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Reviews

Hatful Of Rain Hatful Of Rain
Album: Climb The Air (EP)
Label: Long Way Home
Tracks: 5
Website: http://http://www.hatfulofrain.co.uk/

Hatful of Rain are a fascinating band to see live. They have just one central microphone, but Chloe Overton, Phil Jones and Fred Gregory all take turns in lead vocals and provide harmonies for eachother so cluster round the microphone in ever changing positions. Not only that but Chloe and Fred are constantly interchanging and swapping guitars and mandolins, so the stage is filled with activity. Of course, on record none of that comes across, but they have still managed to produce two awesome albums, primarily because they write such good songs. (If you have not yet heard them, do yourself a favour and search out "Scarlet Ribbon" on youtube). Must confess, therefore, that I was a bit concerned when I found out that Hatful were producing an EP of songs that they didn't write.

If "Way Up On The Hill" and "The Morning Key" were so good because they wrote the songs, then there was a possibility that "Climb The Air" might not live up to my expectations. Of course, I need not have worried. Their EP is another gem.

Not only are the songs beautiful and well performed, but the EP is actually quite educational. Their music is influenced, they say, by a variety of genres, from English, Celtic and American roots. They therefore decided to produce an EP with some of the material that has shaped them and made them into what they are today. They have included the history of these songs in their sleeve notes, which I must confess, I found fascinating. Some of their current material has a bluegrass Appalachian feel about it, so I would have put money on at least one of these songs having been originally collected by Cecil Sharp, but I would have lost that bet.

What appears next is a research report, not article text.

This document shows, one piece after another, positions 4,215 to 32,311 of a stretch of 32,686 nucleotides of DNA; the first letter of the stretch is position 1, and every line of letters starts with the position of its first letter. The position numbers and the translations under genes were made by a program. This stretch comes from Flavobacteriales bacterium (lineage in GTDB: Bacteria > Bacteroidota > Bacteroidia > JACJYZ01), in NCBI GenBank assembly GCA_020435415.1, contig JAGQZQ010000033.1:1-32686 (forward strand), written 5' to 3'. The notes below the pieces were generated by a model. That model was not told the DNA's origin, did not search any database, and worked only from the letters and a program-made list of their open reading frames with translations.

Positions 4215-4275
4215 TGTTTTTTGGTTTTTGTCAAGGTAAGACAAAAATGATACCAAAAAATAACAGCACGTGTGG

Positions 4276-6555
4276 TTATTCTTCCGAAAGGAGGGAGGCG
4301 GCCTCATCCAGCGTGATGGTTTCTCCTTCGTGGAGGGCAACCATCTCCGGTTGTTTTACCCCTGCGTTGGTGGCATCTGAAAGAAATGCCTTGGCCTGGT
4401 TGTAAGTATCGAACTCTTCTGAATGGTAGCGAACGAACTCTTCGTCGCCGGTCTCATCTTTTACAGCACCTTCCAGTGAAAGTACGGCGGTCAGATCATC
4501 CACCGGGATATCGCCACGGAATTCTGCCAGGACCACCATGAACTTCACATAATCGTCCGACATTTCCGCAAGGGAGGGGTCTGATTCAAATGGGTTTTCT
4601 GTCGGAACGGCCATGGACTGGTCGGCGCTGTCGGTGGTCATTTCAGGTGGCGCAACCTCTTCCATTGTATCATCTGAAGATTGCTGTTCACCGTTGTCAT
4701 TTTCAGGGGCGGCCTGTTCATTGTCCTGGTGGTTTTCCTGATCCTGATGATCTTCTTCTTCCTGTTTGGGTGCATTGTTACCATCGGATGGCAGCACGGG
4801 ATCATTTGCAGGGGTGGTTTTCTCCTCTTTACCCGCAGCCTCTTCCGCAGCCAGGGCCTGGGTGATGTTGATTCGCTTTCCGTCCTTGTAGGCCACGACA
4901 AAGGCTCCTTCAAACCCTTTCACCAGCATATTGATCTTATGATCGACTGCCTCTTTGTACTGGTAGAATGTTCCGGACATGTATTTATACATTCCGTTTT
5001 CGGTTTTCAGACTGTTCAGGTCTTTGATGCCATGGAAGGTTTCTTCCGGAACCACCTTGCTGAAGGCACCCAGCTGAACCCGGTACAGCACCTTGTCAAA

Sir Isaac Newton famously said "If I have seen further it is by standing on the shoulders of giants." It is possible that this was intended as an insult, as he said it to Robert Hooke who was slight in stature, but it is often interpreted as Newton recognising that his achievements were due to the achievements of those who had gone before him. This is exactly what Hatful of Rain are doing with this EP. They are not claiming credit for the wonderful songs that they have written, but are transferring the honour back to musicians of the past. It makes me love them even more.

I think that there is a secret in-joke in this EP with a dig at their violinst James Shenton. He once heard a fellow violinist play a piece of music at a club, and worked out how to play it by ear. Then over the years, never having heard anyone else ever playing the tune, he gradually started to wonder whether he had actually written it himself. The other band members then came across the tune on youtube, and found that not only had James not written it, it was actually two tunes: "Frenchie's Reel" and "Mitten's Breakdown". I think that they've included this track on an EP of songs that they didn't write, just to tease James. That said, it is a virtuoso performance and highlights what a talented violinst he is.

My favourite track on the EP is "False False". It was collected by Ewan McColl and Peggy Seeger and first published in their book "Traveller Songs From England and Scotland". Listening to this track, you can clearly hear the threads that tie this track to some of Chloe's compositions such as "Evangaline", or "The Exit Song".

And just in caase you didn't think the band talented enough, they've formed their own record label, produced the EP themselves and the cover art is a linocut by Philip Kingsbury, based on an original design by Chloe.

Pete Bradley